With a good bowling coach who can communicate well with his wards well,I think Yadav, Aaron and Shami could become a fearsome and effective trio of bowlers. I am not clear as to how Joe Dawes came to be selected as the bowling coach in the midst of the disastrous Indian tour of Australia in 2011.Maybe someone could enlighten me in this regard. I have not seen any improvement in a single bowler under his tutelage. In fact they have all regressed.On the spin side I think Mishra and Ojha could be match winners straightaway while Ashwin could become one with lesser variations. I wish he has a look at Saqlain and Ajmal videos. With his intelligence I think he could make a lot of improvement just watching these greats. If he can imitate Naraine he could copy Saqlain who I think was just as tall as him.I believe that if a bowler has all the skills that are needed for his craft ,he can be a match-winner anywhere with accuracy,at the right length and with at tacking field placements.

Posted by henchart on (March 9, 2014, 12:42 GMT)

I have always felt Indians should play two spinners on any pitch be it Hyderabad or Hamilton.It is a big myth nay fallacy that 3 pacemen are prerequisites on bouncy tracks of Aus,SA ,Eng and NZL. Prasanna ,Bedi and Chandra used to bowl in tandem outside the subcontinent and with fair degree of success.Agreed that cricket has undergone a revolution since 1970s but a good spinner is always difficult to negotiate and two good spinners are even more difficult to play.But where are the good spinners in the horizon for India?Selectors have got to look beyond juggling Ashwin-Mishra -Chawla trio. Harbhajan is over the hill.Rasool is not bad and needs more games.Even if selectors include new comers in the squad, MSD is always confining them to benches even in dead matches.

Posted by Kugang on (March 9, 2014, 12:09 GMT)

Where is Duncan Fletcher and what is he doing now. He should be coaching young players and prepare the a wealth of talented squad for the England tour. It is no good if he goes to his home country when we are not playing International cricket.

Posted by here2rock on (March 9, 2014, 10:02 GMT)

India don't have express fast bowlers? They have but not great ones plus a captain who does not understand or appreciate their art. India should not get caught up in speed battle, get swing bowling back in the game and more chances for bowlers like Mishra. India can't rely on bowlers like Ashwin and like. You don't win games in Australia, England, or South Africa with two spinners. These countries are a yardstick for measuring a team's success. You need to get the balance right on most grounds in these countries which India never seems to get it right, 3 pacers, one fast bowling all rounder, one wrist spinner, 5 batsmen, one keeper batsman,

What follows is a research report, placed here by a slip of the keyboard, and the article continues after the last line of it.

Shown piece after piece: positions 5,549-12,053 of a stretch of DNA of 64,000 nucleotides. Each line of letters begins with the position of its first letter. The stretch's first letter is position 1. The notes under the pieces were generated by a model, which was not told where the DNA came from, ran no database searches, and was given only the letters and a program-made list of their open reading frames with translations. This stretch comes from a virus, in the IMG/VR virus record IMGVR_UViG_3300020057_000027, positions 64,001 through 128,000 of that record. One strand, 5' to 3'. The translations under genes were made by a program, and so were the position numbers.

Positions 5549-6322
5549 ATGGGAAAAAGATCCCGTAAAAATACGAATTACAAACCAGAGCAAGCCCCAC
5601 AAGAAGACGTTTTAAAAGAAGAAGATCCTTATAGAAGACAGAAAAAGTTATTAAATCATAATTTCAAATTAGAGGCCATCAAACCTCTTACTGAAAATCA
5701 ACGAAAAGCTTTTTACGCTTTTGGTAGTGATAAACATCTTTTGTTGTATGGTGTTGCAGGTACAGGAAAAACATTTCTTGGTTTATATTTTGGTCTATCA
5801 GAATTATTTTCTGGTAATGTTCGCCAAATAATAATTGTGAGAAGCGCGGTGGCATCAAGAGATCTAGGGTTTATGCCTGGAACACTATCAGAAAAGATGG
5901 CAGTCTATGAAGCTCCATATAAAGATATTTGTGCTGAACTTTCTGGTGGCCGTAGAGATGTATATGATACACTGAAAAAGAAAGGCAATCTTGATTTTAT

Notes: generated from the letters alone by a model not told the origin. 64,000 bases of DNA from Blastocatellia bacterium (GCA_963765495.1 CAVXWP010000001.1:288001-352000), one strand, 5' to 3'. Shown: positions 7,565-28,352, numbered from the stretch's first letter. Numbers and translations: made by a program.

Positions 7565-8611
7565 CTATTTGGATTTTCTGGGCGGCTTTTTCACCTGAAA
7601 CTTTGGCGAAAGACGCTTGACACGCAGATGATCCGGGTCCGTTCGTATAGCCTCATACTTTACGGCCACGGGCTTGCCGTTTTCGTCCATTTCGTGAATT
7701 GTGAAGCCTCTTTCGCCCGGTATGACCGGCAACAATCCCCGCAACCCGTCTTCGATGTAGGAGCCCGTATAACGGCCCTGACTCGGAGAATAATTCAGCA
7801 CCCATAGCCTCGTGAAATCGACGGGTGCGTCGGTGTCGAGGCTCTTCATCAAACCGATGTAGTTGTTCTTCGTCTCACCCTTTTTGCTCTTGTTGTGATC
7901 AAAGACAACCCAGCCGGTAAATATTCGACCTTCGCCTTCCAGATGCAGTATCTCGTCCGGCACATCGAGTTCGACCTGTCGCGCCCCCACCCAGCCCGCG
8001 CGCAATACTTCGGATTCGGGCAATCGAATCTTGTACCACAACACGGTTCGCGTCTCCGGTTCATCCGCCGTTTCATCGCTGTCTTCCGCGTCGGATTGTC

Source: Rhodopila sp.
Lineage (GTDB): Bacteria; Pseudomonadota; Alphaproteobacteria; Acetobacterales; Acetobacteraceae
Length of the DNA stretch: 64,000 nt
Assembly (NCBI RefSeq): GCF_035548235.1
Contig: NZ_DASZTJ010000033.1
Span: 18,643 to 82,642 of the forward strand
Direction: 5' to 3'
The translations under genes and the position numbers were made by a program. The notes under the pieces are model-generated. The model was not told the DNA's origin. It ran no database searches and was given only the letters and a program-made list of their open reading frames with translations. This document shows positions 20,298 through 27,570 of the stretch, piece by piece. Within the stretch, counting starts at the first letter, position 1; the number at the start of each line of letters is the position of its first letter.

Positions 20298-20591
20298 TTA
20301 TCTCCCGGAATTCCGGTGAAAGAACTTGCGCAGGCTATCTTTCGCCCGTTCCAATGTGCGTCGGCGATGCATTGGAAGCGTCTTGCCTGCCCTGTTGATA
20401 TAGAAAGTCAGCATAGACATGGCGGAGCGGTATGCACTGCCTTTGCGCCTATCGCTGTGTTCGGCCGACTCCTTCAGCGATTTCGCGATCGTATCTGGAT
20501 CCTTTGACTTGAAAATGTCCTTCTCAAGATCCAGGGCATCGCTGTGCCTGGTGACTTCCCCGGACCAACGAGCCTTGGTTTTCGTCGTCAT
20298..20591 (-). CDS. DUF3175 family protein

Posted by   on (March 9, 2014, 9:27 GMT)

India needs to play with 5 bowlers abroad because we have a toothless attack. 3 fast bowlers is a must as spinners cannot take a lot of wickets in conditions like Jo'burg. This too will be a problem as it will mean MSD at 6 with Jadeja and Ashwin to follow. This will put undue pressure on Kohli, Pujara who will have to do well every innings. Our bowlers are genuinely lacking in confidence and they are not given enough advice or confidence by MSD. We need a proper bowling coach, like Wasim, who is respected and has huge insights into bowling. If you hear Wasim Akram in commentary he seems the kind of guy our bowlers need coz MSD is very weak as far as his handling of bowlers go. Can't BCCI rope in Akram?

Posted by   on (March 9, 2014, 9:21 GMT)

Please check Ravindra Jadeja FC career stats before you can claim him to be a part time bowler. He bowls as many overs and takes more wickets per match at better average and strike rate than Ashwin. How can you conclude that he is part time bowler? because he scores 3 300s? That he has skill with bat shouldn't mean he is part time bowler. He is a better bowler than batsman. He dismissed Michael Clarke 5 times!!! Surely, some credit should be given to his bowling. He comfortably out bowled Ashwin for last 6 months. Hence he is in test squad

Posted by sifter132 on (March 9, 2014, 6:21 GMT)

Couple of points: A) saying India weren't playing a specialist spinner in NZ is misleading. Ashwin would have played IF HE WAS BOWLING WELL!! Jadeja was outbowling Ashwin and was therefore picked purely for his bowling - his ability with bat was just a coincidence. Jadeja has 36 wickets in 8 Tests at a good average - show me a part timer with stats like that. He takes 3+ wkts/match in FC cricket too. B) The overall stats in recent years don't show Indian spinners do any better overseas than the quick men, even with 2 good ones in Kumble and Harbhajan. But it's worth thinking about, I'll agree. It just depends what is needed and what kind of pitches are offered. The spinners generally offer better economy, so if run leaking and accuracy is the problem, then an extra spinner may help. Won't work all the time though, as on truer overseas pitches spinners can be targetted more effectively - ask Amit Mishra from The Oval in 2011.

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V Ramnarayan
An offspinner who represented Hyderabad and South Zone in the 1970s, V Ramnarayan is a columnist / blogger on cricket and other subjects. He teaches at the Asian College of Journalism and edits Sruti, a leading Indian monthly on the performing arts. His works include histories of Tamil Nadu cricket and the Madras Cricket Club, and biographies. Third Man, Recollections from a Life in Cricket, published by Westland, is his latest book.